The shortfall swelled to A$2.08 billion ($1.88 billion) from a revised A$1.7 billion in February, the Bureau of Statistics said in a report in Sydney.
Australia’s widening trade gap suggests robust domestic demand and investment are stoking imports, underscoring the central bank’s view that the nation’s economy is expanding at or close to trend. Governor Glenn Stevens increased the benchmark lending rate this week by a quarter point to 4.5 percent, the sixth move in seven months.
Imports rose 3 percent in March to A$22.5 billion. Gasoline imports jumped 13 percent and imports of capital goods including industrial transport equipment increased 2 percent.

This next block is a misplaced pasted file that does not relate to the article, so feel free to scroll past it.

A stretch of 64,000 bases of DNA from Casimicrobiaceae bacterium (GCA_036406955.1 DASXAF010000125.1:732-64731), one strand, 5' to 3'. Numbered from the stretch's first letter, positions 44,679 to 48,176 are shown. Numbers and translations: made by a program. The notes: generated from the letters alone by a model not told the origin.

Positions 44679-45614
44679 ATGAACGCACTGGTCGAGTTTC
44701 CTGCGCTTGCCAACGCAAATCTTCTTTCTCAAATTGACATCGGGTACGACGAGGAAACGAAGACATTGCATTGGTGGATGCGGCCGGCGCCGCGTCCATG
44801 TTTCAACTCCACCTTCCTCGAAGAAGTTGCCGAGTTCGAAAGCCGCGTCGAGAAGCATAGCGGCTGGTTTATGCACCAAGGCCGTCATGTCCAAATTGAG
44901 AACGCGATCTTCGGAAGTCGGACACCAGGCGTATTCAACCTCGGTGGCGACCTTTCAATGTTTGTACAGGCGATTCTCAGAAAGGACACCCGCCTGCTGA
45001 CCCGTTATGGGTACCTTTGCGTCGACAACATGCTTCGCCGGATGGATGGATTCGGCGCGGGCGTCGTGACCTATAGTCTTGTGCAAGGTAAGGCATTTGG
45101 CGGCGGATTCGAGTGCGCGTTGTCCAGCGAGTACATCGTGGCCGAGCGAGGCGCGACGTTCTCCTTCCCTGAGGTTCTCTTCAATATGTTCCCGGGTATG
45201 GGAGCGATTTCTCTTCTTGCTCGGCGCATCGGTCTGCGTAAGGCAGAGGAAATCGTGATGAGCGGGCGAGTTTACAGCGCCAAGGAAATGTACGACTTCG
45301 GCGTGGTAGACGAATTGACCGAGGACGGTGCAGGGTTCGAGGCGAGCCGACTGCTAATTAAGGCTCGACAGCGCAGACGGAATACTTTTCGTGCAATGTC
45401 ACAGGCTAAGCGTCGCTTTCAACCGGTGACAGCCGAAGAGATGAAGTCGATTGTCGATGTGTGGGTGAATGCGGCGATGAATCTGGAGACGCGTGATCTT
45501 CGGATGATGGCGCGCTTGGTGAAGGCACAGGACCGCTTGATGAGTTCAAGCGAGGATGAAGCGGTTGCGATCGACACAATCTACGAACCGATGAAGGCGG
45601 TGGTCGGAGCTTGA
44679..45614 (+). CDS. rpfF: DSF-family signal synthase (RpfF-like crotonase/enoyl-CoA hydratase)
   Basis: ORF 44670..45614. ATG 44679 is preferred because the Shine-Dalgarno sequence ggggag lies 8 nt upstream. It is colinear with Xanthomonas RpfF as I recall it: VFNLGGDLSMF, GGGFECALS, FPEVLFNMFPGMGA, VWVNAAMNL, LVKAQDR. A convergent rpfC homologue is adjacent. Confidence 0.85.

Exports gained 2 percent to A$20.4 billion. While rural shipments rose 2 percent, exports of coal slumped 14 percent.
Increasing demand from Asia is stoking an investment boom in Australia’s resources industries that is forecast by the central bank to last more than a decade.
Business investment surged 21 percent in the first quarter from a year earlier as companies including Woodside Petroleum Ltd. expand liquefied natural gas projects in Western Australia.
Projects valued at A$267 billion were committed to or in progress as of March 31, up A$46 billion from a year earlier, Canberra-based research company Access Economics said today.